Last month, we reported on a controversy involving a student from Rogers High School that began on Twitter. The student, Reid Sagehorn, is pictured above.
This week, a different popular social media outlet played a big part in a $70,000 settlement involving another Minnesota school kid.
Two years ago, a then sixth grader Riley Stratton reportedly used Facebook to make disparaging remarks about one of the teachers’ aides at Minnewaska Area Middle School — Ms. Stratton said she “she hated a school hall monitor because she was mean,” according to the Star Tribune.
Riley was given detention, even though she posted the remarks while at home, not on a school computer.
Then, the mother of another student discovered her son had been having discussions of a sexual nature with Ms. Stratton on Facebook.
The mother complained to school officials about the inappropriate online discussions, and Riley was subsequently called into an administrator’s office regarding the complaint.
According to reports, the then 13-year-old Ms. Stratton was pressured — in front of school administrators and a local law enforcement officer — to hand over her Facebook and email passwords.
She was then forced to look on while the adults perused through her personal accounts — she was understandably quite rattled by the ordeal:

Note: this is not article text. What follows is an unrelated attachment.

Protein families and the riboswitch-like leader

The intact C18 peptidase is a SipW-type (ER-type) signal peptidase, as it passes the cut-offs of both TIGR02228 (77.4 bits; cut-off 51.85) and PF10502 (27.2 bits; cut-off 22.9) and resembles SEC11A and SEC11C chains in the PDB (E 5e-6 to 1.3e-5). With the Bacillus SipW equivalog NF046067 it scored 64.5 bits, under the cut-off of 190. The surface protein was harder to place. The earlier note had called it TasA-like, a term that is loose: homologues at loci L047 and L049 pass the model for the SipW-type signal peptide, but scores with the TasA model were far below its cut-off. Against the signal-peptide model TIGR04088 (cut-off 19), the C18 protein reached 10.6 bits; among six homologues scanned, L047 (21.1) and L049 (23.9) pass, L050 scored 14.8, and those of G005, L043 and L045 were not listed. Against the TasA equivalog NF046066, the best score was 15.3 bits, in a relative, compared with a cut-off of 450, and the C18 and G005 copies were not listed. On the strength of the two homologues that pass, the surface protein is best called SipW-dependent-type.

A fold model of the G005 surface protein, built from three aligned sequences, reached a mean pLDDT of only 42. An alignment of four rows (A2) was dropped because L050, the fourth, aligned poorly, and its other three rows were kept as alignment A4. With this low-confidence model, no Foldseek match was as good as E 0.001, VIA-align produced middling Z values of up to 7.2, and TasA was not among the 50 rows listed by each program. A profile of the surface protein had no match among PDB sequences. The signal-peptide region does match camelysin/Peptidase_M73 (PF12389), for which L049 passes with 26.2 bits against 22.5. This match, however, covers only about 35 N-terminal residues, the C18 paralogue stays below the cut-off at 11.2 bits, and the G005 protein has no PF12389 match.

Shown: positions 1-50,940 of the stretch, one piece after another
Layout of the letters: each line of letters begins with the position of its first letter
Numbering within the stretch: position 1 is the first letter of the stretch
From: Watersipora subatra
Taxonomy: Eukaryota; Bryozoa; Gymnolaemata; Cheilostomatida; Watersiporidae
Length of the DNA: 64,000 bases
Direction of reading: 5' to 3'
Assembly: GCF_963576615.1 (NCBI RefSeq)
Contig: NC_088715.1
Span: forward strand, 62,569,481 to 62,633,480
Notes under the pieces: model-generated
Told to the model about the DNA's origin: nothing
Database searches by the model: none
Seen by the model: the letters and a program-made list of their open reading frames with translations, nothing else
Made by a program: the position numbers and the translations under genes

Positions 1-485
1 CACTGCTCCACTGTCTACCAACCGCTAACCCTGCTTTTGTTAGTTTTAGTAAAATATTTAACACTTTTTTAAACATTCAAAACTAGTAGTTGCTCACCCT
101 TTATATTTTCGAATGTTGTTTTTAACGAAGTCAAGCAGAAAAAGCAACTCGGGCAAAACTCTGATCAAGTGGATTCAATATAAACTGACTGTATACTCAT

“I was in tears,” the now 15-year-old Riley told the Star Tribune. “I was embarrassed when they made me give over my password.”
On Monday, Riley settled for $70k in damages from Minnewaska Area Schools stemming from the incident.
Greg Schmidt, the Minnewaska Superintendent, attempted to clarify the school’s position:
“Some people think schools go too far and I get that, but we want to make kids aware that their actions outside school can be detrimental.” Schmidt, who was not Superintendent at the time of the incident, added, “The school’s intent wasn’t to be mean or bully this student, but to really remedy someone getting off track a little.”
ACLU attorney Wallace Hilke, who represented Riley Stratton, felt differently:
“A lot of schools, like the folks at Minnewaska, think that just because it’s easier to know what kids are saying off campus through social media somehow means the rules have changed, and you can punish them for what they say off campus.”
Hilke also added:
“Kids’ use of social media is the family’s business, not the school’s business unless it’s a case of cyberbullying or poses a substantial threat to school activities.”
In addition to the $70k, and as part of the settlement, Minnewaska agreed to change its policies to further limit the school’s ability to search students’ e-mails and social media accounts created outside school property.
Since the incident, Riley has left Minnewaska’s school system to be homeschooled.
Photos via: Star Tribune — New York Daily News — City Pages (Jacki V. Senior)